Writers are hyperventalating over the latest Reporters Without Borders rankings on world press freedom, in which the U.S. slips from 32nd to 46th. The report documents “a profound erosion of press freedom in the United States in 2013,” according to a Huffington Post op-ed. The operative word in headlines and ledes seems to be that the U.S. “plunges” in the rankings.
Nonesense. For one thing, the Reporters Without Borders report describes Bradley Manning, who divulged wholesale hundreds of thousands of classified war logs and diplomatic cables, as a “whistleblower,” whose prosecution contributed to the lower ranking. For another thing, the U.S. ranking has always bounced back and forth a bit, reaching a high of 17 in 2002 and a low of 53 in 2006. Max Fisher at the Washington Post does the yeoman’s work of sifting through the numbers:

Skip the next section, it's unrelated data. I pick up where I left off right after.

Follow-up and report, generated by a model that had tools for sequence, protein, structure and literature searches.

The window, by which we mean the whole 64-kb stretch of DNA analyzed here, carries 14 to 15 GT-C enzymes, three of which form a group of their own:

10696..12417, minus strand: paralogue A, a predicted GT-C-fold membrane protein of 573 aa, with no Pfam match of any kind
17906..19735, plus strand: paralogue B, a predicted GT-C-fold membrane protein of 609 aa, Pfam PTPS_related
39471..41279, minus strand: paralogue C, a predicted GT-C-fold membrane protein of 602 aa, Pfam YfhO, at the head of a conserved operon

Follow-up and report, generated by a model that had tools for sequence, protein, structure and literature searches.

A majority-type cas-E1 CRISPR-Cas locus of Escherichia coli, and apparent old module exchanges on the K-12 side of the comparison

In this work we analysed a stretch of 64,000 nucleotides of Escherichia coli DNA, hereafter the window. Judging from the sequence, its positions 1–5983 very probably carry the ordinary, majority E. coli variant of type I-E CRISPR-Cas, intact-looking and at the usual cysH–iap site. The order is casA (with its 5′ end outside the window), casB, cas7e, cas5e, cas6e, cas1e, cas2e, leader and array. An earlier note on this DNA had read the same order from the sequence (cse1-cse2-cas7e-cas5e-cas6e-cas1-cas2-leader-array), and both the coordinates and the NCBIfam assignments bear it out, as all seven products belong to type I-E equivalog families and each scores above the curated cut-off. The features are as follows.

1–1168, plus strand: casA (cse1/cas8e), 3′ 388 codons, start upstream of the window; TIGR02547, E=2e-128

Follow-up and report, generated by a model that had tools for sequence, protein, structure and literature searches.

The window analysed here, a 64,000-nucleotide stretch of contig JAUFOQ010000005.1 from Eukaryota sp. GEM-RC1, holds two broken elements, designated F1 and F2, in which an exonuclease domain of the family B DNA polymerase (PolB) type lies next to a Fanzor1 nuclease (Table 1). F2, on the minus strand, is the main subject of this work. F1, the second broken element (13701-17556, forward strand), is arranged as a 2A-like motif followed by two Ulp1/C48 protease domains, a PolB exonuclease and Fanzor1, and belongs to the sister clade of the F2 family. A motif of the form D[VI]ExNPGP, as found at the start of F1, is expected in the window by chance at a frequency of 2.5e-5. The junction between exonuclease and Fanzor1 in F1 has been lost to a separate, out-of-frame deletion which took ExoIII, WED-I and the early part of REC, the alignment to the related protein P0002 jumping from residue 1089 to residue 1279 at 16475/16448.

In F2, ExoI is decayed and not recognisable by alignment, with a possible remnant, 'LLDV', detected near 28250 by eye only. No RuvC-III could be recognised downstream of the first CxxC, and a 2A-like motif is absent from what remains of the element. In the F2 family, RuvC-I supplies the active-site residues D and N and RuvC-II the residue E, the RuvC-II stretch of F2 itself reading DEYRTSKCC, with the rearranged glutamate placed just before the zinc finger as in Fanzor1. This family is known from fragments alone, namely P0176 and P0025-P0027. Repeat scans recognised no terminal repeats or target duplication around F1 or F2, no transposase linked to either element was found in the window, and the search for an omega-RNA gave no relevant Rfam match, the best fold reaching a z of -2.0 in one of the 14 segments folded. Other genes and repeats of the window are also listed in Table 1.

It’s just not good data, even if it does make for good copy. I should know: In 2012, the last time that the U.S. ranking “plummeted,” to 47th place, I wrote up the same alarming-looking results as everyone else. Imagine my surprise when, two years later, I saw that the U.S. ranking had made the same plummet to almost the exact same score. I only wish I’d looked into the data sooner.
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